Slowly, the regulatory regime for the MFIs takes shape. The thing I am marvelling about, though, is this. The new regulatory regime looks like it will be the amalgam of the steps taken by assorted institutions trying to fix the problems they see — the AP Ordinance plus the Malegam committee recommendations plus the Microfinance Bill plus the Supreme Court verdict. As opposed to, say, a unified policy response to the crisis in/by the sector.

Which is roughly what I had also seen while studying the drafting of the Forest Rights Act in 2009. Law making, unlike what Akhileshwar Pathak writes in Laws, Strategies and Ideologies,  can actually be the sum of disparate parts being strung together. (I should upload that paper soon. Soon, once I, sigh, finish its damn conclusion)

Also, this is my third story on how the regulatory regime has been evolving. The first one, written last June, looked at why complexity was nobbling the government’s attempts to fathom how to regulate the sector. The second, written a month later, looked at other regulatory alternatives before the government.

Prakash Bakshi’s To-do list at Nabard

After much speculation, Nabard has finally appointed Prakash Bakshi as its chairman.

He is assuming charge at a difficult time. Nabard was set up to ensure credit flows for agriculture and rural development, a vitally important role in this country. But, over the years, agricultural production has come to lag behind agricultural credit, raising questions about how the credit flows are being used. There are other challenges. Some of which are well known — like the Microfinance Bill that Nabard is drafting. And some others that are less known.

For more on what these challenges are, um, click hither.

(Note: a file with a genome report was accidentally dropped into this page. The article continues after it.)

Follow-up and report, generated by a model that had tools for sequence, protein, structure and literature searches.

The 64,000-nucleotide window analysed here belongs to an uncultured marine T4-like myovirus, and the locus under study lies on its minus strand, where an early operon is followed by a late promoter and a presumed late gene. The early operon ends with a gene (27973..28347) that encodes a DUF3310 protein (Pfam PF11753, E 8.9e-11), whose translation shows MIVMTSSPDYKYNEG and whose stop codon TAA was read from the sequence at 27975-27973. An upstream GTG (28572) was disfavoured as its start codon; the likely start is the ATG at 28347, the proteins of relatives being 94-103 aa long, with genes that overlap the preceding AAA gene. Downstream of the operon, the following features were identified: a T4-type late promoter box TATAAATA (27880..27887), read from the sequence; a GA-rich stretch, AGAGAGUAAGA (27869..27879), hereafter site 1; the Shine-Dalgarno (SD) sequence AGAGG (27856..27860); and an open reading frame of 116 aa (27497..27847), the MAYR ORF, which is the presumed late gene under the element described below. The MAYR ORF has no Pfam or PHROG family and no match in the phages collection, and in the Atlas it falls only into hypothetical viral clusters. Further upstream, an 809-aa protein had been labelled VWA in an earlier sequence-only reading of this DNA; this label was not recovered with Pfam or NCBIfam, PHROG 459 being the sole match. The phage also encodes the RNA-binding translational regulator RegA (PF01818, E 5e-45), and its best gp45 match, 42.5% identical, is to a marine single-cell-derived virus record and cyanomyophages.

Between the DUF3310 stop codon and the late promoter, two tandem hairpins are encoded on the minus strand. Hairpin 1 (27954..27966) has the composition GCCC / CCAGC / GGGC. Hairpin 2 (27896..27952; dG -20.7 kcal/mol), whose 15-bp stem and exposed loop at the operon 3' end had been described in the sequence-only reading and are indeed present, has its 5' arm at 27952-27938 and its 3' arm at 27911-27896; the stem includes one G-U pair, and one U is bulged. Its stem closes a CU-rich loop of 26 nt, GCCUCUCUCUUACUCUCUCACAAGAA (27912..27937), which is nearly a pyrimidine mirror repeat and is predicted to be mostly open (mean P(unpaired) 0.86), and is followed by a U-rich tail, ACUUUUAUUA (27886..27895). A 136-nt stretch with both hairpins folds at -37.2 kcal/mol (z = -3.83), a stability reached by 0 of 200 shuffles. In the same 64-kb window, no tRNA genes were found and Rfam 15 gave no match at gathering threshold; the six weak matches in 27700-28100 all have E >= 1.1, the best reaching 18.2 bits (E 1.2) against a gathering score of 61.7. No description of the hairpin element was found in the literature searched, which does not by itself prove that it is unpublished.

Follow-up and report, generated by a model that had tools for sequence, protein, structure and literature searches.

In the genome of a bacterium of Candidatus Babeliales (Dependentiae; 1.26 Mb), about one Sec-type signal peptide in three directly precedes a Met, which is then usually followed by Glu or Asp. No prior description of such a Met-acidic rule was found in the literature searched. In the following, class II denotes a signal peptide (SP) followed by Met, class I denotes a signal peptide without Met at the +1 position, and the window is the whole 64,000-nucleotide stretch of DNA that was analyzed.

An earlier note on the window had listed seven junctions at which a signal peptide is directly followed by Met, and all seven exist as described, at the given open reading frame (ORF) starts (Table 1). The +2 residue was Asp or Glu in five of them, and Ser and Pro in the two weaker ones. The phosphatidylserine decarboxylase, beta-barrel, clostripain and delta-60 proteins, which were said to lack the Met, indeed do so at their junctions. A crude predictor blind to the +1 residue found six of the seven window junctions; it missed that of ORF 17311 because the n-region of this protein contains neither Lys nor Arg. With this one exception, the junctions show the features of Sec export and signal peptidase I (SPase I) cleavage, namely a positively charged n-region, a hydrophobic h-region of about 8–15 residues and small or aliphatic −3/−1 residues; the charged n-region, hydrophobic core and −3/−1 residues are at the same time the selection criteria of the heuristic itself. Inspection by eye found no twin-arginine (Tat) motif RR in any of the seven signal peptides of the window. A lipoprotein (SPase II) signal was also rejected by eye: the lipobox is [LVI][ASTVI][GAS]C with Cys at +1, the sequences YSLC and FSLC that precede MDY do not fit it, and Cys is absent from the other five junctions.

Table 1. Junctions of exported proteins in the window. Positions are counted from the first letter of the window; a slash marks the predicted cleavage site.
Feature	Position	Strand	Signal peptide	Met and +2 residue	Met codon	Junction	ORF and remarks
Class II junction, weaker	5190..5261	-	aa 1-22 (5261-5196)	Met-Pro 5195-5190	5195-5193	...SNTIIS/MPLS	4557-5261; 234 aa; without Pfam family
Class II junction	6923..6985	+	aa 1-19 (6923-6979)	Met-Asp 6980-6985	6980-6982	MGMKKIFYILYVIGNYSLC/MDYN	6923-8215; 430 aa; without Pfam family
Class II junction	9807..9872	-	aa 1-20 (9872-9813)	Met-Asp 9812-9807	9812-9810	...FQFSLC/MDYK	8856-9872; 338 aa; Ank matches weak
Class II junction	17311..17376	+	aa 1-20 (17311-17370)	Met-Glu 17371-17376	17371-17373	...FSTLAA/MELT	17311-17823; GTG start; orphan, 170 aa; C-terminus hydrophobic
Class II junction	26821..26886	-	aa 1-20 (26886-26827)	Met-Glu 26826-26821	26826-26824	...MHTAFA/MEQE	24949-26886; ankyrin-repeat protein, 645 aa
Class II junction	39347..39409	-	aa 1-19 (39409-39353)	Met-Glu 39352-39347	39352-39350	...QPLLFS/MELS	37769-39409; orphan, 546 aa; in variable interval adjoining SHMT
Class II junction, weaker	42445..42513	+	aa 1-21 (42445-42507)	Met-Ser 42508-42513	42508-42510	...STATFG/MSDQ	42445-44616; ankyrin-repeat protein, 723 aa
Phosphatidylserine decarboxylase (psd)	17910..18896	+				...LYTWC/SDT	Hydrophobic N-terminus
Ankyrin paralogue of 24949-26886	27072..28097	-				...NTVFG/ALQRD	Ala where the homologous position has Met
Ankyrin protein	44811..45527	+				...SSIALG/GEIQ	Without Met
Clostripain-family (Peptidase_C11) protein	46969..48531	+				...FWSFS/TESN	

Baba Ramdev sets out to cure corruption

On Thursday, more out of curiosity than anything else, I tagged along with a friend who was heading to Delhi’s Ram Lila Maidan. Baba Ramdev who was, till now, trying to clean the body through yoga, is now out to cleanse the body politic (thanks for the line, rama). And has consequently announced that he will begin a fast, from saturday onwards, till the government agrees to to his suggestions on how to crack down on corruption.

The whole thing is fascinating. Like Anna Hazare, Baba Ramdev is fasting not to get his grievances registered. But to have his recommendations accepted as policy. You, dear gentle reader, can read about his demands, in this quick and dirty story I filed after that little traipse through Ram Lila Maidan.

I am still processing what I saw there. Talk to the people there and you hear one uncomplicated narrative repeatedly: India was once a ‘Soney Ki Chidiya’ — the golden sparrow, the need to restore that state of affluence, the allusions to an ancient, akhand bharat that also comprised Lanka, Bangladesh, Bhutan, Pakistan and Nepal, etc, etc, etc. My friend Rama calls this Vedic Nationalism. I need to understand this way of thinking. Hmmm.

Also, I switch on the TV and I hear talking heads banging about the illegitimacy of Ramdev as a leader. Or mocking the views of these people. To me, Ramdev seems to be as legitimate a leader as any — a large bunch of people have voluntarily agreed to follow him. As for the views, the fact that they think differently from us English speaking elite doesn’t mean they are wrong. Right and wrong, as my academic friends would say, are premodern concepts.

Am heading back there later today. More for my own understanding than anything else.